Over 14 years ago, Bell took one of this city's first Vinyasa yoga teacher trainings at Gaea in Mt. Pleasant and jumped out of the hoops of the public school system, straight into the hustle of teaching as many classes as she could. That was "back when people thought yoga was going to knock the Jesus out of them, or something," as she puts it.
"I've been on the ground in gyms, yards, classrooms, fancy studios, dilapidated building, the deck of the Yorktown, and breweries ... It's not like 'woe is me,' but in our line of work there's very little reward for being an experienced teacher," says Bell, whose mission now is offering yoga to under-served populations through classes like kids yoga and recovery yoga. Everything is on a sliding price scale. "It was hard, but life is hard," she says of the hustle. "I'm a yoga teacher. I don't mean that as 'la-dee-da I'm a yoga teacher,' I mean that I get to have a conversation about God with the dude at a nearby apartment complex or come up with a new way to stretch someone's neck."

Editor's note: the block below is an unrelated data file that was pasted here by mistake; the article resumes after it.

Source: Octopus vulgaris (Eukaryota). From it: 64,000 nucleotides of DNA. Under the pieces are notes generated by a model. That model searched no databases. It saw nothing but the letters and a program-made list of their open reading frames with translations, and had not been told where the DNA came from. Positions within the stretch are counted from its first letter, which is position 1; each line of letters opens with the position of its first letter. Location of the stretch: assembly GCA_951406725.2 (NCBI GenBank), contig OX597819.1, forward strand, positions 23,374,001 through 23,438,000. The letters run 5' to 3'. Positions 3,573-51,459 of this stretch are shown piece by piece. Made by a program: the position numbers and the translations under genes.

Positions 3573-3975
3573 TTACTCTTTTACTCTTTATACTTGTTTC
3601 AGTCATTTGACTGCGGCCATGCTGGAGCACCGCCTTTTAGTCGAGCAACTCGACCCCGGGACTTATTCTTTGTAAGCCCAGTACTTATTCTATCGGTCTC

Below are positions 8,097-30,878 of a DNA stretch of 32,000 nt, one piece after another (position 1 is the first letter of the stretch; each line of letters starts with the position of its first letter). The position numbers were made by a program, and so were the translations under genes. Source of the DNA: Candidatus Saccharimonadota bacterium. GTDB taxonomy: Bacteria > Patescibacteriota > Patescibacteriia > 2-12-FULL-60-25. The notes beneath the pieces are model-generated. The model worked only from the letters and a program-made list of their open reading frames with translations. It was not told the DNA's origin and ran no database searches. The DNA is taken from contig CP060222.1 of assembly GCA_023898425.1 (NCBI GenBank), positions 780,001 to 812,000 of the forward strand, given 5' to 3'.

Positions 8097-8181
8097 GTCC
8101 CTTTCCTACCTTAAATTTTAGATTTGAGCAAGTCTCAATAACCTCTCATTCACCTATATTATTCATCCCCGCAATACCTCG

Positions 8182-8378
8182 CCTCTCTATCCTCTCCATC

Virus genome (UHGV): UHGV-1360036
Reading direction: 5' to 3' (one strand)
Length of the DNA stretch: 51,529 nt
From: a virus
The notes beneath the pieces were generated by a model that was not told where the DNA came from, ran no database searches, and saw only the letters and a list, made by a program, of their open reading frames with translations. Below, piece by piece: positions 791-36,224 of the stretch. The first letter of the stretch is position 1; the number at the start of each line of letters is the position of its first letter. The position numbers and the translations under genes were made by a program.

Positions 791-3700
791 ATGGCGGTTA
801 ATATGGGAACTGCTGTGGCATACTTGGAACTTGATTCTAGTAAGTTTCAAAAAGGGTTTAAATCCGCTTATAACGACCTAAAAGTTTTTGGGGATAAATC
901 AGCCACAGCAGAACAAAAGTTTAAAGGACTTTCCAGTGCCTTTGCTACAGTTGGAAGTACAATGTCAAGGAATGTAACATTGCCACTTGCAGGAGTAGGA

"I get to be in a creative process for a few hours every day," says Bell. "That makes it worth it."
- Ruta Elvikyte
- Ashley Bell teaches a class at Reverb